The introduction of a qualitative paper can be seen as beginning a conversation. Lingard advises that in this conversation, authors need to persuade the reader and reviewer of the strength, originality and contributions of their work [ 7 ]. In constructing a persuasive rationale, ECRs need to clearly distinguish between the qualitative research phenomenon (i.e. the broad research issue or concept under investigation) and the research context (i.e. the local setting or situation) [ 5 ]. The introduction section needs to culminate in a qualitative research question/s. It is important that ECRs are aware that qualitative research questions need to be fine-tuned from their original state to reflect gaps in the literature review, the researcher/s’ philosophical stance, the theory used, or unexpected findings [ 8 ]. This links to the elements of plausibility and consistency outlined in Table 1 .

Also, in the introduction of a qualitative paper, ECRs need to explain the multiple “lenses” through which they have considered complex social phenomena; including the underpinning research paradigm and theory. A research paradigm reveals the researcher/s’ values and assumptions about research and relates to axiology (what do you value?), ontology (what is out there to know?) epistemology (what and how can you know it?), and methodology (how do you go about acquiring that knowledge?) [ 9 ] ECRs are advised to explicitly state their research paradigm and its underpinning assumptions. For example, Ommering et al., state “We established our research within an interpretivist paradigm, emphasizing the subjective nature in understanding human experiences and creation of reality.” [ 10 ] Theory refers to a set of concepts or a conceptual framework that helps the writer to move beyond description to ‘explaining, predicting, or prescribing responses, events, situations, conditions, or relationships.’ [ 11 ] Theory can provide comprehensive understandings at multiple levels, including: the macro or grand level of how societies work, the mid-range level of how organisations operate; and the micro level of how people interact [ 12 ]. Qualitative studies can involve theory application or theory development [ 5 ]. ECRs are advised to briefly summarise their theoretical lens and identify what it means to consider the research phenomenon, process, or concept being studied with that specific lens. For example, Kumar and Greenhill explain how the lens of workplace affordances enabled their paper to draw “attention to the contextual, personal and interactional factors that impact on how clinical educators integrate their educational knowledge and skills into the practice setting, and undertake their educational role.” [ 13 ] Ensuring that the elements of theory and research paradigm are explicit and aligned, enhances plausibility, consistency and transparency of qualitative research. The use of theory can also add to the currency of research by enabling a new lens to be cast on a research phenomenon, process, or concept and reveal something previously unknown or surprising.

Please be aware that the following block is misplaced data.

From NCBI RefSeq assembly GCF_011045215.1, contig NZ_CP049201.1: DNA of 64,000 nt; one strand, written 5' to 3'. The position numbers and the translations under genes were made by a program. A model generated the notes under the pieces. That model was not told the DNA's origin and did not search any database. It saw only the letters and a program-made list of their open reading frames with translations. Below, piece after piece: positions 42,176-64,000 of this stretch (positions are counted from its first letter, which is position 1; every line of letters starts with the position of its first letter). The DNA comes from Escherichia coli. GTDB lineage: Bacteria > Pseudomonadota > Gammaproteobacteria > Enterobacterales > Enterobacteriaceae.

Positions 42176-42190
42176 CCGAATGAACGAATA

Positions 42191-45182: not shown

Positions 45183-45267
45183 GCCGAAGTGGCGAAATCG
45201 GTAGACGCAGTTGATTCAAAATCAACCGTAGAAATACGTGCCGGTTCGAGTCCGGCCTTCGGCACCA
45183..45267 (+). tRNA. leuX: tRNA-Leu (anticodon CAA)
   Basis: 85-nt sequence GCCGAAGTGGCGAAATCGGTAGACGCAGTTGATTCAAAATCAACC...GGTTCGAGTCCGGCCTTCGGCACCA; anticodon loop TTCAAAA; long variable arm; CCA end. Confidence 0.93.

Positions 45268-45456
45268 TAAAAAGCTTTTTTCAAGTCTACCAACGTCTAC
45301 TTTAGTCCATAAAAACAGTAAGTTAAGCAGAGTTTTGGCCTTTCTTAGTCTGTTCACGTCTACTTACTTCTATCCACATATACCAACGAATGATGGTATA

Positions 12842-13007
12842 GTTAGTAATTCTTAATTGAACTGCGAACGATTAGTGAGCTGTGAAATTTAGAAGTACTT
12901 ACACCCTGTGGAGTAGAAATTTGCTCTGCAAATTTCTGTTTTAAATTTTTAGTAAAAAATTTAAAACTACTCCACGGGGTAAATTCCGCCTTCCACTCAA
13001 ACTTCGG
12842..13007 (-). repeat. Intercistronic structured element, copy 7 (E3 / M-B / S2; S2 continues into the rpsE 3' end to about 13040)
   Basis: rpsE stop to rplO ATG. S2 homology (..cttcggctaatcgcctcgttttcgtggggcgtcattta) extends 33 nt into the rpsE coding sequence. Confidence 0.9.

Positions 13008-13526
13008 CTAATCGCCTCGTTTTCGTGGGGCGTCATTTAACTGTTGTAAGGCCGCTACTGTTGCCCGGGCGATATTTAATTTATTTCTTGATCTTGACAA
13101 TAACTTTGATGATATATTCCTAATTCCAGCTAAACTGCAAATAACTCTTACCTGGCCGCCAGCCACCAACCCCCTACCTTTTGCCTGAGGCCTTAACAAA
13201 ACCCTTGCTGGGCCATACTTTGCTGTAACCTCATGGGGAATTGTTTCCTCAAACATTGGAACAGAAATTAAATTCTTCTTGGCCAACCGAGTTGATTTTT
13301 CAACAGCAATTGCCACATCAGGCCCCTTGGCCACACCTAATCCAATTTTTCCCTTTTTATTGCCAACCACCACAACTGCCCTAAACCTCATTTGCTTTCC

Moving to the methods, methodology is a general approach to studying a research topic and establishes how one will go about studying any phenomenon. In contrast, methods are specific research techniques and in qualitative research, data collection methods might include observation or interviewing, or photo elicitation methods, while data analysis methods may include content analysis, narrative analysis, or discourse analysis to mention a few [ 8 ]. ECRs will need to ensure the philosophical assumptions, methodology and methods follow from the introduction of a manuscript and the research question/s, [ 3 ] and this enhances the consistency and transparency elements. Moreover, triangulation or the combining of multiple observers, theories, methods, and data sources, is vital to overcome the limitation of singular methods, lone analysts, and single-perspective theories or models [ 8 ]. ECRs should report on not only what was triangulated but also how it was performed, thereby enhancing the elements of plausibility and consistency. For example, Touchie et al., describe using three researchers, three different focus groups, and representation of three different participant cohorts to ensure triangulation [ 14 ]. When it comes to the analysis of qualitative data, ECRs may claim they have used a specific methodological approach (e.g. interpretative phenomenological approach or a grounded theory approach) whereas the analytical steps are more congruent with a more generalist approach, such as thematic analysis [ 15 ]. ECRs are advised that such methodological approaches are founded on a number of philosophical considerations which need to inform the framing and conduct of a study, not just the analysis process. Alignment between the methodology and the methods informs the consistency, transparency and plausibility elements.